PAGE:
The Belgian refugees who came to Letchworth during the First World War
A extract taken from "Letchworth Recollections" Co-ordinated by Heather Elliott and John Sanderson. Published by Egon Publishers Ltd
By Viv Birch
An early garden city resident recalls,
“Then of course the First World War came along and many things changed. There were lots of Belgian refugees came to live in the town. We had some living with us at various times. Lot’s of people in Letchworth of course took in Belgian refugees and eventually the Westbury estate was built specially to house them – it used to be called Little Antwerp in those days. Quite a number of them worked at the Kryn and Lahy factory.(This Metal works was located on Icknield Way, later moving to Dunhams Lane.) The Belgian man who lived with us was called Verreyt and he used to work there. Sometimes he would be there for forty hours straight off working on the blast furnaces. In his own trade he was an architect at Malines in Belgium
I knew an old Belgian lady called “Granny” and she used to come to the butchers shop when we were in there. She said “English people are the laziest people going – absolutely -lazy none of them carry their own shopping home – they all have to have it sent !.” The Belgians had a horse flesh shop half way down The Wynd and Franklin’s Pet Shop at that time was the Belgian Grocer’s Shop.
My little brother used to play with some of the little Belgian boys who often used to smoke on the common. My mother used to say to my brother “now you are not to smoke if you go and play on the common” He said, “No” and then one day he came back crying and he said “I’ve been smoking and I feel sick “- he never smoked again !”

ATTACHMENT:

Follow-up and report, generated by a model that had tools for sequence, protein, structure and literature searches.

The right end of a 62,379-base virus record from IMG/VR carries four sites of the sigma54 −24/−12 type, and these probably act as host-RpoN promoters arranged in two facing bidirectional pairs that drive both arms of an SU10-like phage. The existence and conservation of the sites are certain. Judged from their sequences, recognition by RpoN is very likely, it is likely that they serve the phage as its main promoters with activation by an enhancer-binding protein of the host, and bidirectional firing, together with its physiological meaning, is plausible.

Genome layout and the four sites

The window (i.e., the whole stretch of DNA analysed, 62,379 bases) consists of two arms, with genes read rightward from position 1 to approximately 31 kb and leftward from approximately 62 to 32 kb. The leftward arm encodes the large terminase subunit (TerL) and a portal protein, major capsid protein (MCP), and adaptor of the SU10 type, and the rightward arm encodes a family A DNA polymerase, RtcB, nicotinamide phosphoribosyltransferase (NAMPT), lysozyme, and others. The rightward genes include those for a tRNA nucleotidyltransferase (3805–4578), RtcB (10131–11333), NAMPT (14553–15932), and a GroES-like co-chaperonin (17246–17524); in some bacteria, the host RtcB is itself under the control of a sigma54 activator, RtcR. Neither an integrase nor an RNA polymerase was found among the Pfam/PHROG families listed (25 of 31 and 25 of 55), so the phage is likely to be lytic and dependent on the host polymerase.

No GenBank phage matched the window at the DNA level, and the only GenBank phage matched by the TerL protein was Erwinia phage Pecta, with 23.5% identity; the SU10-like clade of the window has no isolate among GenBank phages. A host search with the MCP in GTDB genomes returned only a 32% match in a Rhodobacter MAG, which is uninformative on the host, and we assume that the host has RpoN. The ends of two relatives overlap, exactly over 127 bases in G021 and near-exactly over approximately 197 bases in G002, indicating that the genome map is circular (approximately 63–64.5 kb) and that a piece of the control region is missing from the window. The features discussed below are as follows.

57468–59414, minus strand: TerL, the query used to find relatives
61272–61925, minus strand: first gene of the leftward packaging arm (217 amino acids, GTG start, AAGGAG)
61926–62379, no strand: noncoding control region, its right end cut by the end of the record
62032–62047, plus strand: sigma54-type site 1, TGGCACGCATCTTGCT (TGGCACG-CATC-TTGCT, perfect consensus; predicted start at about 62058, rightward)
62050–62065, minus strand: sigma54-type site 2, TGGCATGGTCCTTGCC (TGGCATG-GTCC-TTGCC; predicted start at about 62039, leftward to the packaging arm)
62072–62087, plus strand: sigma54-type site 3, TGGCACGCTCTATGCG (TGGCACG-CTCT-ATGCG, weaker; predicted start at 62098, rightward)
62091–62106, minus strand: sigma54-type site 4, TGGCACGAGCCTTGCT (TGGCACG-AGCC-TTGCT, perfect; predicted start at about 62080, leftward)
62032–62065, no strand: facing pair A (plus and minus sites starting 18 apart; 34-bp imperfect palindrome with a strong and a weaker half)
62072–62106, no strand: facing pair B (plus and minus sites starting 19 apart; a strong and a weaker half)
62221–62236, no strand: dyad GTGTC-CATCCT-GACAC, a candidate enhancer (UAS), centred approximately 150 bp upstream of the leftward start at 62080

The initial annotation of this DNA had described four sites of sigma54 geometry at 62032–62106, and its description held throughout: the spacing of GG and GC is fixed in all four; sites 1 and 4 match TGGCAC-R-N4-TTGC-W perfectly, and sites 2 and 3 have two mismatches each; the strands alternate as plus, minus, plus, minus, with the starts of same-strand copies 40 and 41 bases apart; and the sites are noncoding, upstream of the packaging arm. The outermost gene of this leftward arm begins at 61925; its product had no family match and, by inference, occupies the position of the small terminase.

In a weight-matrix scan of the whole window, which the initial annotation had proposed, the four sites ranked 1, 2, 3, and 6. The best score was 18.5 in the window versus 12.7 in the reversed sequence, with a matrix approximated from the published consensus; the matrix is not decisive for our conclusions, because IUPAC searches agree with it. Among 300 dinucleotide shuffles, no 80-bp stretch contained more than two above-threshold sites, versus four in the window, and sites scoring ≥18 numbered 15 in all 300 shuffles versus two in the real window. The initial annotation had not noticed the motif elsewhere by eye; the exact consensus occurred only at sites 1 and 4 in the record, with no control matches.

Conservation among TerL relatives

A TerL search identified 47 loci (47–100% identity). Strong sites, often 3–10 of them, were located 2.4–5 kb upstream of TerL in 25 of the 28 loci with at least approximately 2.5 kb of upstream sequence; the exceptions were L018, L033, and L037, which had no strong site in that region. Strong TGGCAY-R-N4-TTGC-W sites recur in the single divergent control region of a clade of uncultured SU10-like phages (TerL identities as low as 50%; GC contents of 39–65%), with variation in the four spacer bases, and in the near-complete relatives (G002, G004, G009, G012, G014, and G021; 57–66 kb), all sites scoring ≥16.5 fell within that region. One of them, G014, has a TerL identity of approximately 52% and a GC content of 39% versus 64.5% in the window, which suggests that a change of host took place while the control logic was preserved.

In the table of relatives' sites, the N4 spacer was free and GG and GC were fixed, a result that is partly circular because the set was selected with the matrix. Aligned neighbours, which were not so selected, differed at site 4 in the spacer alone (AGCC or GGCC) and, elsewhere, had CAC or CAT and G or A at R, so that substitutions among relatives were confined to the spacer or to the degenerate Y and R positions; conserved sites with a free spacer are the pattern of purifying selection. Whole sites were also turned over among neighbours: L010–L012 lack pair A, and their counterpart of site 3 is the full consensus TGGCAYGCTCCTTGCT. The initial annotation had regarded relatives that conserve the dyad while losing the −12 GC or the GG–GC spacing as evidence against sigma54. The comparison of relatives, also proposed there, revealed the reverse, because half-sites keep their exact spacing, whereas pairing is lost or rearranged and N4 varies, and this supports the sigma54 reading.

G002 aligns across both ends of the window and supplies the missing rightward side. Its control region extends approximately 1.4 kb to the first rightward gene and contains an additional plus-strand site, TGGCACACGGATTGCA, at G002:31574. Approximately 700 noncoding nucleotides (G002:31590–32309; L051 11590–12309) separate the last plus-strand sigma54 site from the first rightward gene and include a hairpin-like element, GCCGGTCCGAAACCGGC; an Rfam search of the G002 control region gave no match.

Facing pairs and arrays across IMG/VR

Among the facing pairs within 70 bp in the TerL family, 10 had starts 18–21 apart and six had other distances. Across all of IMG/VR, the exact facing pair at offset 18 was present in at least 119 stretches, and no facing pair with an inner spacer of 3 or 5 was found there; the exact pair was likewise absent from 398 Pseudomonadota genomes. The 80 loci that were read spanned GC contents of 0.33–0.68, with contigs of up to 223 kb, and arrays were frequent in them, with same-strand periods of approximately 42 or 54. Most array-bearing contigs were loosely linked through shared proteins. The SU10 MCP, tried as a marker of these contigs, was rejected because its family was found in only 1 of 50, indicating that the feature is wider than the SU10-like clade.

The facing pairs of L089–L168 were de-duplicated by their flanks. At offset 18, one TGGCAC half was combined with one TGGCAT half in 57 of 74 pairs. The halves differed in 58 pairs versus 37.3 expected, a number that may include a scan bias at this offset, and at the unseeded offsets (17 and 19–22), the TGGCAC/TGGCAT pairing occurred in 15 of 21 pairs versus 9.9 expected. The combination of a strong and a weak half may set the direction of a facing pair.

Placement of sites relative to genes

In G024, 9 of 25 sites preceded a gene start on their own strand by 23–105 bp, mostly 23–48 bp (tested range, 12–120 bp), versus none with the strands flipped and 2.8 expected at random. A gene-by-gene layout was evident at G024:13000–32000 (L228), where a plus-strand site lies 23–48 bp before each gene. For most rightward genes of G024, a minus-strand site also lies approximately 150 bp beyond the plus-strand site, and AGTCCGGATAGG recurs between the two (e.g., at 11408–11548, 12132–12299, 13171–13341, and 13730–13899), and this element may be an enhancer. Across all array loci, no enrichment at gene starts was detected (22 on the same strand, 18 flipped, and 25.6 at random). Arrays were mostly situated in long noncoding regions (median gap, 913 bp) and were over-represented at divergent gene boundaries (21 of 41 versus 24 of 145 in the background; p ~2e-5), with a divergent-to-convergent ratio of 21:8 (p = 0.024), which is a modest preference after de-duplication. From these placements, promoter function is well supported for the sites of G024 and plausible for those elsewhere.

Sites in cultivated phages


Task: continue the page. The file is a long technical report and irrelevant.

A second recollection
“My mothers people escaped from Belgium when the war broke out because the Germans were coming into Antwerp. We came to England on Christmas day in 1914 landing by boat in Harwich. They put us into what I thought was a college in Streatham, a girls college, but I found out later that it was a workhouse.
We moved to Letchworth in 1915 as Dad was in poor health having trouble with his stomach and the doctor advised to move out of London for the fresh air of the countryside.
My youngest sister already lived in Letchworth her family choosing the town because Kryn and Lahy was there and because other French and Belgian people also lived there. When we joined her our house was in Burnell Rise.
When we came out of the railway station I thought “oh what a place to come to. I’m being buried alive here.” There was nothing on that side but fields. On the Broadway just a mens outfitters and a little tea shop.
The attractions of Letchworth were many for my family being both
Quakers, vegetarian and forward thinking on many fronts. Charlie who was a qualified architect and surveyor obtained a position in the office of Barry Parker and Raymond Unwin”.
Standalone Farm was also occupied by Belgian Refugees during the 1914-18 war.